Buoyant airline hailed as model for asset sales
In the slipstream of its best interim profit for five years, Air New Zealand's chairman says the company is a good model for partly privatising state-owned assets.
The NZX-listed national carrier reported a statutory net profit of $100 million for the half-year till the end of December - up 163 per cent on the previous corresponding half. It also forecast it would double earnings for the full year.
Chairman John Palmer also announced a 3 cents-a-share interim dividend - including a $24m payout to the Government, the 73 per cent shareholder.
Air New Zealand had shown that it could have both shareholders' and New Zealanders' interests at heart during the last 12 years, Palmer said.
". . . New Zealanders feel extraordinarily connected to this business; they don't feel as though it's owned by other people even though it's a listed company," he said.
The Government bailed out the airline in 2001 after its Australian subsidiary Ansett collapsed, threatening to drag Air New Zealand down with it.
The Government injected $885m of taxpayer money into the company that year, hence its stake.
"It's a very good example of both the tensions you get from being publicly listed and the opportunity for the Crown to ensure that it is able to be a cornerstone stable shareholder for these companies to take a longer-term view about what is good for New Zealand as well."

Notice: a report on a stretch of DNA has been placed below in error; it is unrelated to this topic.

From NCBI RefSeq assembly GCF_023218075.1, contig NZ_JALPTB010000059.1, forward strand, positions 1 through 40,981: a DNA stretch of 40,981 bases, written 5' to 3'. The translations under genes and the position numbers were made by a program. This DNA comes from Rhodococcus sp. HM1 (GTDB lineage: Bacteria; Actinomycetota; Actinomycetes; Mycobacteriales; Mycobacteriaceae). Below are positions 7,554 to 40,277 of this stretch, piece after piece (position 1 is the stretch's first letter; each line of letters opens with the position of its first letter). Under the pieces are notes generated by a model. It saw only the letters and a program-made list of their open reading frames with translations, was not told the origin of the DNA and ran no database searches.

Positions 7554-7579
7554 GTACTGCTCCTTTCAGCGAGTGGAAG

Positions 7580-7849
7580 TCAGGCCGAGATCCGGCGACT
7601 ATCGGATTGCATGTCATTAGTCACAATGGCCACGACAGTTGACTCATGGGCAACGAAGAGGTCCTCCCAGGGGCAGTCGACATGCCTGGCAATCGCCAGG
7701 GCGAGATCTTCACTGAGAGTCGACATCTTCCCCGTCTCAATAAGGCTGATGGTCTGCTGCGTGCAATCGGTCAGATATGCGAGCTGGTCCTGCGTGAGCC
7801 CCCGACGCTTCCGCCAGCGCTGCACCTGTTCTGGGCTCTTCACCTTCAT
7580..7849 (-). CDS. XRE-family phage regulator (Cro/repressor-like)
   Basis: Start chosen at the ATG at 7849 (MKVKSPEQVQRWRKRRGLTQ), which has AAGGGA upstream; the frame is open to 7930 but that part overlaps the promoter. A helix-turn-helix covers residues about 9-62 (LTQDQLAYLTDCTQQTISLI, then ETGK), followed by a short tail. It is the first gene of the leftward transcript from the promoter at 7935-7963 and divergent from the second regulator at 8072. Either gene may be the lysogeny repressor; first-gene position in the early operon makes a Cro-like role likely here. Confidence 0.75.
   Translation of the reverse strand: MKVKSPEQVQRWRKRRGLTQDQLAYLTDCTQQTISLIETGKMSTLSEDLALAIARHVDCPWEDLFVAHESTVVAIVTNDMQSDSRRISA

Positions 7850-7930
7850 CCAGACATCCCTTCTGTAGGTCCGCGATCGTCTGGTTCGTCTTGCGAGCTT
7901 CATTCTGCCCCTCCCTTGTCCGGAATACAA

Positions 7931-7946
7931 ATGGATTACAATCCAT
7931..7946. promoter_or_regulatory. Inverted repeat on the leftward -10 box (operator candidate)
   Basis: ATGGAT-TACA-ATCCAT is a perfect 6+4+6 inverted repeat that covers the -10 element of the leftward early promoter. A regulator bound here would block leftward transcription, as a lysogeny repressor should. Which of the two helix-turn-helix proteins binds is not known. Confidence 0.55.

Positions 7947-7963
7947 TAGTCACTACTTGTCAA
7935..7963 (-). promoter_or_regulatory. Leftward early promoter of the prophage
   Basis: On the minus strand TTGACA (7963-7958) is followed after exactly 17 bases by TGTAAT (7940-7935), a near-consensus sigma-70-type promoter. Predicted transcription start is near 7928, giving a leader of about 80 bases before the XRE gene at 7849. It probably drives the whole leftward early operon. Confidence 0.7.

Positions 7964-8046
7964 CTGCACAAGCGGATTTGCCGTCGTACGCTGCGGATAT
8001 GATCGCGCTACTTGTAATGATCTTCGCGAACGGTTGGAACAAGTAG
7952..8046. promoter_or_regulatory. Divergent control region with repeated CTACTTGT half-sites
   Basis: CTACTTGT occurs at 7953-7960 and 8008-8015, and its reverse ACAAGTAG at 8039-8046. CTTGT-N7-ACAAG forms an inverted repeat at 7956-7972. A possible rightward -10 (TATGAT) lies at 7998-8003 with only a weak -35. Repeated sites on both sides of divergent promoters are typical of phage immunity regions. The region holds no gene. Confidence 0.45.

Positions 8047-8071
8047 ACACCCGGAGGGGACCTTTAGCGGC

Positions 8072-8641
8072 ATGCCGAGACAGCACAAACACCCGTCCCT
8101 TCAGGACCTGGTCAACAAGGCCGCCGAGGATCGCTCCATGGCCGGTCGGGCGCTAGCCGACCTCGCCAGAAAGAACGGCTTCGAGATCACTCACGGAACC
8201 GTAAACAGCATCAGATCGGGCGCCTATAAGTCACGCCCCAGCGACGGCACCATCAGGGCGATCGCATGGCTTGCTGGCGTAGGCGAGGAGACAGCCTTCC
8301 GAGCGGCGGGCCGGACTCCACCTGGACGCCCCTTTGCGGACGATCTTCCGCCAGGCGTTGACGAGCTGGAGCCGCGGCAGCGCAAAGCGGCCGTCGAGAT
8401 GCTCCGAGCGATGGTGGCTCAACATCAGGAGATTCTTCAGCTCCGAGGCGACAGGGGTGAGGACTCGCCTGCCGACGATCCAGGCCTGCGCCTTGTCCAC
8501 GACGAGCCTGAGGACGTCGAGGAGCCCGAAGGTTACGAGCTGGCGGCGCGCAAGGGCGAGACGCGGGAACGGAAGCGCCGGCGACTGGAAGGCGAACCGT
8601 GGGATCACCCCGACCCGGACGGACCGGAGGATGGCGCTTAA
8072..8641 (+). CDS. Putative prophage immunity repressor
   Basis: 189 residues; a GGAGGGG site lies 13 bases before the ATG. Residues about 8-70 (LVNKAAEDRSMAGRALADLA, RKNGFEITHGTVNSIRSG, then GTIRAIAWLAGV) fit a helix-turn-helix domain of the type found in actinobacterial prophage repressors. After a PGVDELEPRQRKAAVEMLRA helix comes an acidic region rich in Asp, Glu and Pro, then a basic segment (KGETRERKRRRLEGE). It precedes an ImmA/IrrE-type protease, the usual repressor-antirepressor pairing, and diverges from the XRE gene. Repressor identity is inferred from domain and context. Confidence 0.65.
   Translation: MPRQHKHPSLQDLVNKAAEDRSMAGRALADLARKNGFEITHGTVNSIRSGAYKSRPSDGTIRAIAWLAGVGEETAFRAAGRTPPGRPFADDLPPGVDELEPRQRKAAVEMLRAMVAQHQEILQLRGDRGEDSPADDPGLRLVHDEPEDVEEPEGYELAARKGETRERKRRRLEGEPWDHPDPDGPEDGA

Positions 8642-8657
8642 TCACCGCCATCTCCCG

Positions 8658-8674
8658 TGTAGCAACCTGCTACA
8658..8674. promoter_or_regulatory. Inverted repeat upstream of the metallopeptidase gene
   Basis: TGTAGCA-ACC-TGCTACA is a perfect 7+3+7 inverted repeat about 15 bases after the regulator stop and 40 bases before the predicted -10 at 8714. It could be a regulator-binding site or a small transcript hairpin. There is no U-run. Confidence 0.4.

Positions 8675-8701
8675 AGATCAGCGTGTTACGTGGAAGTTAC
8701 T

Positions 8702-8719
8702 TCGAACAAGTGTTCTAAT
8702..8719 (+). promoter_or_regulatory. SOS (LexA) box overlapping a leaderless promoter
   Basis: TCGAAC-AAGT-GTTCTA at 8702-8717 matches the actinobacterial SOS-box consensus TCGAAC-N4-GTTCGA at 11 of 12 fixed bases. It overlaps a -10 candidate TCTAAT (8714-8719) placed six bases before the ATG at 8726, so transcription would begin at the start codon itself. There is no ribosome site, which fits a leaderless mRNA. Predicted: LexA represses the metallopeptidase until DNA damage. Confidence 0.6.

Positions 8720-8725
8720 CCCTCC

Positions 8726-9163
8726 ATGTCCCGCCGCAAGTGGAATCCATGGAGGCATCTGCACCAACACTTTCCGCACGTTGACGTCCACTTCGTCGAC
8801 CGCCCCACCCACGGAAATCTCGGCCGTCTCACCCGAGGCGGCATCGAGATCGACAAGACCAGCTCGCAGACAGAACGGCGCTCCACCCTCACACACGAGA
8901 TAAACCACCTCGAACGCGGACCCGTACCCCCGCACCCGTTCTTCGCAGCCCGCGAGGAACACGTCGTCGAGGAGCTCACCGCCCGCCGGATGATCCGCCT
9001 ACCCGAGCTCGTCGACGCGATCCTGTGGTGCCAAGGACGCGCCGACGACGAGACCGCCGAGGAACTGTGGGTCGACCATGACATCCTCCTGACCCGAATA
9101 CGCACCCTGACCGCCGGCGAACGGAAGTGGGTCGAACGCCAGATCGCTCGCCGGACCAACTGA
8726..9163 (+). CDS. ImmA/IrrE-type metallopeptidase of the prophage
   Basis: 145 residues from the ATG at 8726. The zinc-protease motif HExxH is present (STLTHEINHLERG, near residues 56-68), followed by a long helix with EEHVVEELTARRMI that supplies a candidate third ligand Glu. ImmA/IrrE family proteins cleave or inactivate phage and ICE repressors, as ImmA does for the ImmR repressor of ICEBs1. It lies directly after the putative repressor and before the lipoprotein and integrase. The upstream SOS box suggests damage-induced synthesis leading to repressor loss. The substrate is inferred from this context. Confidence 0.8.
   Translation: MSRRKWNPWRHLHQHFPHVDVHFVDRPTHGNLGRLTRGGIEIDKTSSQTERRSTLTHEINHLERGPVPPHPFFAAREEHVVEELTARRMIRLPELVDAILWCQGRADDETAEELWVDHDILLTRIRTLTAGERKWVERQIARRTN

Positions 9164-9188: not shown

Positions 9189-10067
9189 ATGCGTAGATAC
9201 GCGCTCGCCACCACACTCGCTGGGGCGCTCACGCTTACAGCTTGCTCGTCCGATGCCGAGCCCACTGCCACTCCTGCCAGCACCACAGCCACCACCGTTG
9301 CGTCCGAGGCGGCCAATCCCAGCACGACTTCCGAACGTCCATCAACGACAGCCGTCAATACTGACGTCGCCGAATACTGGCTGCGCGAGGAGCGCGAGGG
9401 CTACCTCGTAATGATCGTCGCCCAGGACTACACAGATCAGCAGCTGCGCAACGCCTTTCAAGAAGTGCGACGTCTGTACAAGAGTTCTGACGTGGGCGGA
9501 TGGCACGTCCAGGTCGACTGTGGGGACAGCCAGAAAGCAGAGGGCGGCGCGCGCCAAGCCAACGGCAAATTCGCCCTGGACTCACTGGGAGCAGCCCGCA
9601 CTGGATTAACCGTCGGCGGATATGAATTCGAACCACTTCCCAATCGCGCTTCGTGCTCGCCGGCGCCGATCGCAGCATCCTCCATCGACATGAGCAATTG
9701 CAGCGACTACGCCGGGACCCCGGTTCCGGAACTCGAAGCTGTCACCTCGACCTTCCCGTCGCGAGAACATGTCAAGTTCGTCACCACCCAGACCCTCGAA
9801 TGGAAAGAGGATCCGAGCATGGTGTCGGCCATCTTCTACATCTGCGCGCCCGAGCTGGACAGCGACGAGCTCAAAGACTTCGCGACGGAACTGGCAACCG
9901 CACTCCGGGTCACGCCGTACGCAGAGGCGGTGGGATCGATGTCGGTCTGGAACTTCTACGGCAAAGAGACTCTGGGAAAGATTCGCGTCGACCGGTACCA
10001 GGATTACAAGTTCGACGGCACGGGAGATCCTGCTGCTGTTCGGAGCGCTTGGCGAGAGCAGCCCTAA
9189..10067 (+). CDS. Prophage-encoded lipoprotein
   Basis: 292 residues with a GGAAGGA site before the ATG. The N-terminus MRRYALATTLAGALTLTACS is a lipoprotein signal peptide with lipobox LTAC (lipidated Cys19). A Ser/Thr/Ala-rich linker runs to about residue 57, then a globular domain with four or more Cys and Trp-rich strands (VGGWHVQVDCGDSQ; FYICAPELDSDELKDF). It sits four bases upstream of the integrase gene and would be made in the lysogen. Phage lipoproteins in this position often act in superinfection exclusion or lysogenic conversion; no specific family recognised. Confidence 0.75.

Palmer was formerly chairman of state-owned coal company Solid Energy, but left in June last year when he turned 65, after being on the board since 2006.
Earlier this week, the Government blamed Solid Energy for the company's failure after it was refused a $1 billion capital injection but went ahead with diversification plans.
When leaving Solid Energy, Palmer said he expected it to be partially privatised by early 2014.
Asked whether Air New Zealand was prepared for a government selldown, Palmer said such sales were a long process and the Government would be mainly concentrating on Mighty River Power.
The Government has indicated it would retain a majority shareholding of at least 51 per cent in each partial selldown.
The company's new chief executive, Christopher Luxon, who officially took over from Rob Fyfe at the start of the year, said the airline's good interim profit showed it was moving into a growth phase.
Luxon said he was targeting "a virtuous circle of profitable growth" leading to better shareholder returns, reinvestment in the business and more cost control.
The company said it stood to break through the $200m barrier in annual normalised pretax earnings - a measure that strips out the effect of derivative financial instruments. On this measure, Air New Zealand reported a 300 per cent improvement over the previous corresponding half.
Luxon's focus on growth included leasing two new Boeing 777 aircraft to bolster the airline's international capabilities around the Pacific Rim. Luxon said the new aircraft were not a response to any perceived risk that its order of Boeing Dreamliner 787-9 aircraft might not be up to scratch, after its sister craft the 787-8 was grounded by the United States Federal Aviation Authority.